For Those In Peril (2013)

For Those In PerilThe sole survivor of a fishing accident that also claimed the life of his brother, Michael (Jordan Young), Aaron (George Mackay) is struggling to come to terms with the recent tragedy — and he’s not alone. Unable to remember anything of the incident, Aaron is unable to satisfy the villagers with an explanation, for which they resent and ostracise him. Unable to cope with their cumulative guilt, and abandoned by his one remaining confidant, Michael’s ex (Nichola Burley), Aaron re-purposes a childhood story that his mother (Kate Dickie) used to tell him and his brother, convincing himself not only that Michael is alive and well, but that he can still be saved from The Devil In The Ocean.

In competition for the Michael Powell award at this year’s Edinburgh International Film Festival, For Those In Peril marks the debut of Scottish writer-director Paul Wright. Its an accomplished effort by any estimation, but the fact that it is Wright’s first feature makes it all the more impressive an achievement. The story might be relatively light on plot, but the director easily fills the 93-minute running time with a narrative that is complex and engaging in other ways.

Certain images and phrases are repeated throughout the film, gaining greater significance each time they appear, while numerous mediums are combined and contrasted in order to give the film a dream-like, almost hypnotic aspect that is by turns distancing and almost uncomfortably intimate. Comprising home video, documentary footage and scenes captured by camera phone, For Those In Peril is a patchwork of mediums, expertly edited by Michael Aaglund; a multi-sensory tapestry that feels strangely mythic long before we are introduced to The Devil In The Ocean.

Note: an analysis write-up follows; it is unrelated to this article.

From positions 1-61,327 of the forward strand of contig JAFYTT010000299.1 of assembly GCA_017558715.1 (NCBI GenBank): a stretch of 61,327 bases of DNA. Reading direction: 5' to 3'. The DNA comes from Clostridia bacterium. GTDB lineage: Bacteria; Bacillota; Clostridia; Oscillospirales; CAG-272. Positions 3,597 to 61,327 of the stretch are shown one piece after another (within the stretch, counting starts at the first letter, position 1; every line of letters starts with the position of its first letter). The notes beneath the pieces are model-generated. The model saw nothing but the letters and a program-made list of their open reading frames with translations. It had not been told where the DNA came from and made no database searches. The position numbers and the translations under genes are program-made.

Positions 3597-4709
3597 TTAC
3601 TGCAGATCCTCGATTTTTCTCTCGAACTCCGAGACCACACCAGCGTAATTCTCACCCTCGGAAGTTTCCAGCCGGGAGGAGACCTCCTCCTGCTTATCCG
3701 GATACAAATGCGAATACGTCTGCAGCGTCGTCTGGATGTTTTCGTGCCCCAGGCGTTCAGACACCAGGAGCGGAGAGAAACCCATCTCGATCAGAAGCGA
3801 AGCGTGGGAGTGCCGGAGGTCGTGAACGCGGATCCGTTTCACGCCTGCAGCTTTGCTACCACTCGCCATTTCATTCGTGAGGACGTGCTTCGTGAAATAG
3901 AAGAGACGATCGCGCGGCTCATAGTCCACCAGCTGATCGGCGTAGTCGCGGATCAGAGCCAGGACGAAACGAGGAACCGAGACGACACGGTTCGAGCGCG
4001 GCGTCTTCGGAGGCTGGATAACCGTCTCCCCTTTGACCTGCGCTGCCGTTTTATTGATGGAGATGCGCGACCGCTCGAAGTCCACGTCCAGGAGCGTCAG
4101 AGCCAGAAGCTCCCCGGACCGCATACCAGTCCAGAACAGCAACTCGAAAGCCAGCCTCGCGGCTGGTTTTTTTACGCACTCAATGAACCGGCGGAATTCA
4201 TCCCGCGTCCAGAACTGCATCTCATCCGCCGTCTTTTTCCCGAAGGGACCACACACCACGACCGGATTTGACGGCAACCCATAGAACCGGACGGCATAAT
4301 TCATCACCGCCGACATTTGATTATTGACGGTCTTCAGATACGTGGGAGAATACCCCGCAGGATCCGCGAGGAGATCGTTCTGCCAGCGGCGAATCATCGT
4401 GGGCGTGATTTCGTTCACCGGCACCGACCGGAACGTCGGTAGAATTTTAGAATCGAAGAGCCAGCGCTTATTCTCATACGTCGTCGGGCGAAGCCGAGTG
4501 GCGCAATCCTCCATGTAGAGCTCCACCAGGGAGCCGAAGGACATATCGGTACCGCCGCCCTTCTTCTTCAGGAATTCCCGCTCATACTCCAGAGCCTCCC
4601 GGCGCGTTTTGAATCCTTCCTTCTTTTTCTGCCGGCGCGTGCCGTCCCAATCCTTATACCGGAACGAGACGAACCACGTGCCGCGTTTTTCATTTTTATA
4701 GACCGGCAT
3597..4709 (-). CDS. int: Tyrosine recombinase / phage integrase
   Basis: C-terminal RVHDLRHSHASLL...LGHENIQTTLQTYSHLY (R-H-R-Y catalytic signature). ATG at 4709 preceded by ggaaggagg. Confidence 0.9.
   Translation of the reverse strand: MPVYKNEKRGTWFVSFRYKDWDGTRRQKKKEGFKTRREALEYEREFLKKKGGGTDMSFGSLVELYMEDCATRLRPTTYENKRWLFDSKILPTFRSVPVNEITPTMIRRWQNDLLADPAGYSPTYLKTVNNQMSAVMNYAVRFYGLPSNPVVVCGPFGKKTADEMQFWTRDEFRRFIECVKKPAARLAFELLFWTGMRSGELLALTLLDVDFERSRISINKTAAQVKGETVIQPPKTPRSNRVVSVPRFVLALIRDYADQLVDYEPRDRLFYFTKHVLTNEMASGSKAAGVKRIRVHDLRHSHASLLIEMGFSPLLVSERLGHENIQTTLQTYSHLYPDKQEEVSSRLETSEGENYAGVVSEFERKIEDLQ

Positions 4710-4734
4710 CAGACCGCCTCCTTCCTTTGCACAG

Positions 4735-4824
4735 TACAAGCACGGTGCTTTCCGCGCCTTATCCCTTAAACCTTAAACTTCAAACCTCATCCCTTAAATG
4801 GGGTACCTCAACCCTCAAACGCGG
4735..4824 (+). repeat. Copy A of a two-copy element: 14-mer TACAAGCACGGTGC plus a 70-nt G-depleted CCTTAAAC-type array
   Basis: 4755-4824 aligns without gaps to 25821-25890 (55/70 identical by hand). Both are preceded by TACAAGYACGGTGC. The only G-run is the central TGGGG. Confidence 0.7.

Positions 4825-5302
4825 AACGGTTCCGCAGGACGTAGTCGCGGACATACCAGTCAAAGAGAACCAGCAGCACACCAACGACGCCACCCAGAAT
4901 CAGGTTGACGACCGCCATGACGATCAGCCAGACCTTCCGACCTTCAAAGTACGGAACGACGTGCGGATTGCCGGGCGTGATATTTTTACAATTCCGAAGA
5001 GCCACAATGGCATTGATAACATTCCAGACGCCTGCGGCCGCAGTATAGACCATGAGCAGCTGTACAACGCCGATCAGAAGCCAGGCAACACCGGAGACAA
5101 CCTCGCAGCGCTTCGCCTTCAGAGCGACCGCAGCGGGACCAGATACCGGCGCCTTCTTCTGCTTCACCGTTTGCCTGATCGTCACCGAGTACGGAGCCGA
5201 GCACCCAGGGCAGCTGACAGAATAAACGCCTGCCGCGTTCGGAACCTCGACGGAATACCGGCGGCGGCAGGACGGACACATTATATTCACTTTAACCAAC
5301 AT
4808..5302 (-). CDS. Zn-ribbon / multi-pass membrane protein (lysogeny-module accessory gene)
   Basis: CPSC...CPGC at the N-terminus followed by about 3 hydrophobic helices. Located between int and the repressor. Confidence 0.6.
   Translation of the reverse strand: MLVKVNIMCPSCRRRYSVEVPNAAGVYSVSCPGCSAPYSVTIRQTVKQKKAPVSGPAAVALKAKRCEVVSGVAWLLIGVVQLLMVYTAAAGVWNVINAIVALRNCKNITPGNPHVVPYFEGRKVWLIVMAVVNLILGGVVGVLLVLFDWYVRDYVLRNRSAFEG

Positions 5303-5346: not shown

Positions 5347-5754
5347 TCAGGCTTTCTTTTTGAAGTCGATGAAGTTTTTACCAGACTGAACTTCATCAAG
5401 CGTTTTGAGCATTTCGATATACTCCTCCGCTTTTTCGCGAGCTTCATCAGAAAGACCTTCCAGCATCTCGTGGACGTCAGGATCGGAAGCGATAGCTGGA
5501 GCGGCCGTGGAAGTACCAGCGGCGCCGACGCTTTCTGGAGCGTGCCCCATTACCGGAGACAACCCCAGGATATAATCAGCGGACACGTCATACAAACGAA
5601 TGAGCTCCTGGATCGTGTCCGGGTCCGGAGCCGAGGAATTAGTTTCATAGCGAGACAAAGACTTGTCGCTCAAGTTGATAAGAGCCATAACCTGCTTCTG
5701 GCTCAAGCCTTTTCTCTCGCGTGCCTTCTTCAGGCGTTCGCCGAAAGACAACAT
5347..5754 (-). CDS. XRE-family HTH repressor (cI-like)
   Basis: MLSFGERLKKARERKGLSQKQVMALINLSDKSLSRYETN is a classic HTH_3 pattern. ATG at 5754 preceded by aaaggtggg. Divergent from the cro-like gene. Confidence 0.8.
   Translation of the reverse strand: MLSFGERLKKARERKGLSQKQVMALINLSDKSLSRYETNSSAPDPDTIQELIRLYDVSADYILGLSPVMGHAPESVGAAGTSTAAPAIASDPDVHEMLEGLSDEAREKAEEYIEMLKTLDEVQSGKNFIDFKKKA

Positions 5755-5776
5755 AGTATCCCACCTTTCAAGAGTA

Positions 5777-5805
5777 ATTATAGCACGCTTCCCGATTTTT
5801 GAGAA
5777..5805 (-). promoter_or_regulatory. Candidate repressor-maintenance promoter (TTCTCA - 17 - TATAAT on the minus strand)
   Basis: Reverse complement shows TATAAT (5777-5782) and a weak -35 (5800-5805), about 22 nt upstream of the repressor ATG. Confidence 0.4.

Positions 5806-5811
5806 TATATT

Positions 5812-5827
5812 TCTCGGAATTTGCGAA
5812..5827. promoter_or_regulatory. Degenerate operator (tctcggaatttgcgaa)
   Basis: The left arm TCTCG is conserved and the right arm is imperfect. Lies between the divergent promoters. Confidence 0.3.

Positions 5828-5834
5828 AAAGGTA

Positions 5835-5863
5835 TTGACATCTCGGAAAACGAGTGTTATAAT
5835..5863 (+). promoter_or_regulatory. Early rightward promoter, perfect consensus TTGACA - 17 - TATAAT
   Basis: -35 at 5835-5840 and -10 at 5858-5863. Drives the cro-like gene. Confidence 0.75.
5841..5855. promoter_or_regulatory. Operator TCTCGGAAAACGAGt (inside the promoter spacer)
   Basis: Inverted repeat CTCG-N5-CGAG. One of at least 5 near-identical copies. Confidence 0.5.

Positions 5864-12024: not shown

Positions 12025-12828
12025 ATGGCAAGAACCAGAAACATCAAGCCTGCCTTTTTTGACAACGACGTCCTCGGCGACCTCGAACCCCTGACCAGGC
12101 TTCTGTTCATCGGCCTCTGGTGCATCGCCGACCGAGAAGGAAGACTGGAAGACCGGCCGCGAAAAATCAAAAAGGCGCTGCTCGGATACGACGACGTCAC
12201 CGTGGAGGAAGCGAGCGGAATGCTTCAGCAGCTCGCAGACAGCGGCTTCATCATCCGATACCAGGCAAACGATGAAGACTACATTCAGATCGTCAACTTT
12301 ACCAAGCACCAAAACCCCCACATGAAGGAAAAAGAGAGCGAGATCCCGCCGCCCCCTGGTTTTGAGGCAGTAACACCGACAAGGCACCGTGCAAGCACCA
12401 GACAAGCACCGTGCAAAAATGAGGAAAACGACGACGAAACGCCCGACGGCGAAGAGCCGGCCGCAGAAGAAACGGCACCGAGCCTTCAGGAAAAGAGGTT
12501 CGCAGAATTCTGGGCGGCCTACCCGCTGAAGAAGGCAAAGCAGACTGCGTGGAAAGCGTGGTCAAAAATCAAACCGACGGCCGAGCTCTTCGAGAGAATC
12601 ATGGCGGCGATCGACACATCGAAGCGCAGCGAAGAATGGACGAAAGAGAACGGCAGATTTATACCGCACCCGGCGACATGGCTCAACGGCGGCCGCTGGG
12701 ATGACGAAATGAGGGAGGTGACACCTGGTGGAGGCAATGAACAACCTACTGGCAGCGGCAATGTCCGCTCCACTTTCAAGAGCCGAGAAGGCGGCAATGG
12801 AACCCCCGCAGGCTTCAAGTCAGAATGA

George Mackay is haunting as Aaron, approaching the role with a sensitivity and ambiguity that make him incredibly compelling. He appears to have already revised much of his own childhood, re-casting his brother as some sort of fallen hero, setting a precedent for delusional thinking that will later see him obsessing over a fairytale that everyone else has long since forgotten. Kate Dickie amazes too as his heartbroken mother, particularly in a scene in which she struggles through a karaoke performance dedicated defiantly to “her boys”.

It is in the melancholic whimsy of the fairytale that For Those In Peril finds its identity, however, adding yet another layer to Wright’s already multifaceted narrative. After campaigning to return to the water and failing to find a fisherman willing to take him out, Aaron constructs a makeshift raft and sets out in search of the legendary leviathon himself. These scenes are eerily reminiscent of films such as Where The Wild Things Are and Beasts Of The Southern Wild, but differ drastically in both their desperation and distinct lack of childhood innocence.

For Those In Peril is a triumph in storytelling, devastating as a human drama about survivor-guilt but also as a dark fiction that borders at times on the folkloric. Carried confidently by Mackay and Dickie, Wright’s film is an intense, absorbing and poetic portrait of loneliness and isolation, shot beautifully by Benjamin Kracun.



About popcornaddiction
I am a psychology graduate, a News Writer for HeyUGuys/BestforFilm and, most importantly, a hopeless popcorn addict.

One Response to For Those In Peril (2013)

  1. Pingback: June 2013 – Wait, I feel like I should say something important | popcornaddict

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